To find this information for yourself, go to the Pianists Corner home page and click ‘Find a Pianist’, and then type the surname of the pianist you want to check in the box to the left. Click on their name and their ‘page’ will show, with all their details. Find the ‘Genealogy’ tab, which is the fourth tab along underneath the pianist’s name; click on this to take you to ‘Build a Genealogy’. Click the plus (+) sign to the right, next to ‘Create list of teachers’, and, finally, keep clicking the same + sign and watch the number of teachers expand with every click. You can also move the photo of each teacher with the red ‘toggle’ tab at the bottom of the screen. And if you click on the pianist’s photo, all their biographical information will appear.

This technology can also be useful to find celebrated pianists or teachers and their pupils. The following image displays Austrian-American pianist Artur Schnabel’s teachers, as well as his students:

I enjoyed viewing Hungarian pianist and composer Franz Liszt’s genealogy map:

Over the next few months Pianists Corner will be sharing my Classical Conversations, which are a series of forty filmed interviews with renowned pianists and pedagogues. Filmed a few years ago, these interviews will be placed on the site every week, beginning last week, with Israeli pianist Boris Giltburg’s interview (click here). And this week’s Classical Conversation features my interview with Ukrainian pianist Valentina Lisitsa, which you can view, here.

www.pianistscorner.com

Follow Pianists Corner on their Blogsite.


My publications:

For much more information about how to practice piano repertoire, take a look at my piano course, Play it again: PIANO (published by Schott Music). Covering a huge array of styles and genres, the course features a large collection of progressive, graded piano repertoire from approximately Grade 1 to advanced diploma level, with copious practice tips for every piece. A convenient and beneficial course for students of any age, with or without a teacher, and it can also be used alongside piano examination syllabuses too.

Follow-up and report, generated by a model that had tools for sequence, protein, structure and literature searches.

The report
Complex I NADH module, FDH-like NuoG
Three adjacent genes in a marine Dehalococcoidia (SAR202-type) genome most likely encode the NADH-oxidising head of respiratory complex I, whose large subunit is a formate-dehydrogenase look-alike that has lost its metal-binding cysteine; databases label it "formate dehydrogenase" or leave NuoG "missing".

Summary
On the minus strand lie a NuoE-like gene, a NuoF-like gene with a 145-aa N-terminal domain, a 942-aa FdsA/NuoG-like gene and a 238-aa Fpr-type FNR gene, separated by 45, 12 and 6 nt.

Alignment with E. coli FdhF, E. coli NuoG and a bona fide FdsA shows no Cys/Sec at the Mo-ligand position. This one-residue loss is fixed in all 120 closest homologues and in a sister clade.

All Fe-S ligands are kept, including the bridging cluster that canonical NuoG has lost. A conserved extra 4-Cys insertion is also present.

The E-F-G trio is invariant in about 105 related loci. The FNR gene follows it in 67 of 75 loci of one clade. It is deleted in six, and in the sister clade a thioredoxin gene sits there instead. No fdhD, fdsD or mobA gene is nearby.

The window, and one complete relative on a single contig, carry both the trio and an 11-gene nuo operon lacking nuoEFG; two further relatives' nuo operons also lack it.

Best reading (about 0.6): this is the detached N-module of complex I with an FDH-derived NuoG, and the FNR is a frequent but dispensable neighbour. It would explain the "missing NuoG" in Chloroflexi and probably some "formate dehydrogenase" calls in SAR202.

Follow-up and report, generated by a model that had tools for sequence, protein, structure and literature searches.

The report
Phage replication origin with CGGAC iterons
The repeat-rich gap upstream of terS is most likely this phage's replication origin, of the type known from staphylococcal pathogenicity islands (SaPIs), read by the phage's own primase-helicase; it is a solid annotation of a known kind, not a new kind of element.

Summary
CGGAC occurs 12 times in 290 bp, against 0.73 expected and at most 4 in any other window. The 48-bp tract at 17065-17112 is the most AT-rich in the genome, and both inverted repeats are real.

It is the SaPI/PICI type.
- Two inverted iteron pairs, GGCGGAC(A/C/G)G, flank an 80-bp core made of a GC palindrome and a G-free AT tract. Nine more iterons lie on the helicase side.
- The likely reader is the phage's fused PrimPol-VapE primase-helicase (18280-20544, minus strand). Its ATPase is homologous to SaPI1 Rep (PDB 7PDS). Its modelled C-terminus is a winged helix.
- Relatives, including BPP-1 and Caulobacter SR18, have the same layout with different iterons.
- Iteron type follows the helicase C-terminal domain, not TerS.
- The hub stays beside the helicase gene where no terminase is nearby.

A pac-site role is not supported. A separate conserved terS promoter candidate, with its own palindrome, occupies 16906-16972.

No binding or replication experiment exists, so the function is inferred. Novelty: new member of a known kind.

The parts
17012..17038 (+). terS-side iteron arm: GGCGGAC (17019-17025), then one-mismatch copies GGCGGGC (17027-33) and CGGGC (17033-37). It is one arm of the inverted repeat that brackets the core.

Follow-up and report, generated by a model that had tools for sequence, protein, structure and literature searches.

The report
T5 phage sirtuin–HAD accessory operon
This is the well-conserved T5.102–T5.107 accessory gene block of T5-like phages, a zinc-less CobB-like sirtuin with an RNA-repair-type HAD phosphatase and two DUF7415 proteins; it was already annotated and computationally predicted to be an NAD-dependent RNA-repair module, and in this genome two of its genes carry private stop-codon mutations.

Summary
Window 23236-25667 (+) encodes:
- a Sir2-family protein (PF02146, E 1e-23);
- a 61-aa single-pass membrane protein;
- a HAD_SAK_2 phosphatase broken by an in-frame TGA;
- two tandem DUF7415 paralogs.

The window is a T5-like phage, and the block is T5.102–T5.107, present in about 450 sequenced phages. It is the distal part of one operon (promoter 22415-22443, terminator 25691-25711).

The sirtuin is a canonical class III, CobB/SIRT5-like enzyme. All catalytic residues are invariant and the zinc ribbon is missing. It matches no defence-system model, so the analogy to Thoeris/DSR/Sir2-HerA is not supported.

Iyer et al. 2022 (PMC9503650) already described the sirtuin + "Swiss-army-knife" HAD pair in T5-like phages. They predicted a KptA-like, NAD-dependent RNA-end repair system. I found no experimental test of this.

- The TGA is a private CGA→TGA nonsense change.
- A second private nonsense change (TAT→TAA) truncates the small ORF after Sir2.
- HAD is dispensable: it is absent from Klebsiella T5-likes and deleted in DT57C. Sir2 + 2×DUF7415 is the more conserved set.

You can find out more about my other piano publications and compositions here.


 

3 Comments Add yours

  1. Shirley McCord says:

    This is a fascinating subject and an extremely interesting and invaluable blog which I follow regularly.

    I am wondering whether you may also have connections to pianists who are deeply interested in analysing their pieces before practising at the keyboard, as is so frequently advised by pedagogues. I have recently started focusing on music from this perspective and have come across Schenkerian analysis which seems extremely complex. I would like to learn more about it in order to apply the method to pieces I am preparing for ABRSM Grade 8 piano.

    Please advise if you are aware of any analyst connections. I feel sure there must be other amateur pianists with a similar desire to learn more about this fascinating approach to learning piano music and who might benefit from discussion.

    Thank you.

    1. Hello Shirley,

      Many thanks for your kind words about my blog. I am glad you find it of interest. Musical analysis is a whole subject in itself.

      I like several youtube channels, focusing on analysis. Alan Belkin’s is interesting: https://www.youtube.com/channel/UCUQ0TcIbY_VEk_KC406pRpg

      And so is this channel, by Samuel Andreyev: https://www.youtube.com/channel/UCI_dcH8Zr2UqNT1EqvMNgTg

      I hope this is of some help. Best wishes, Melanie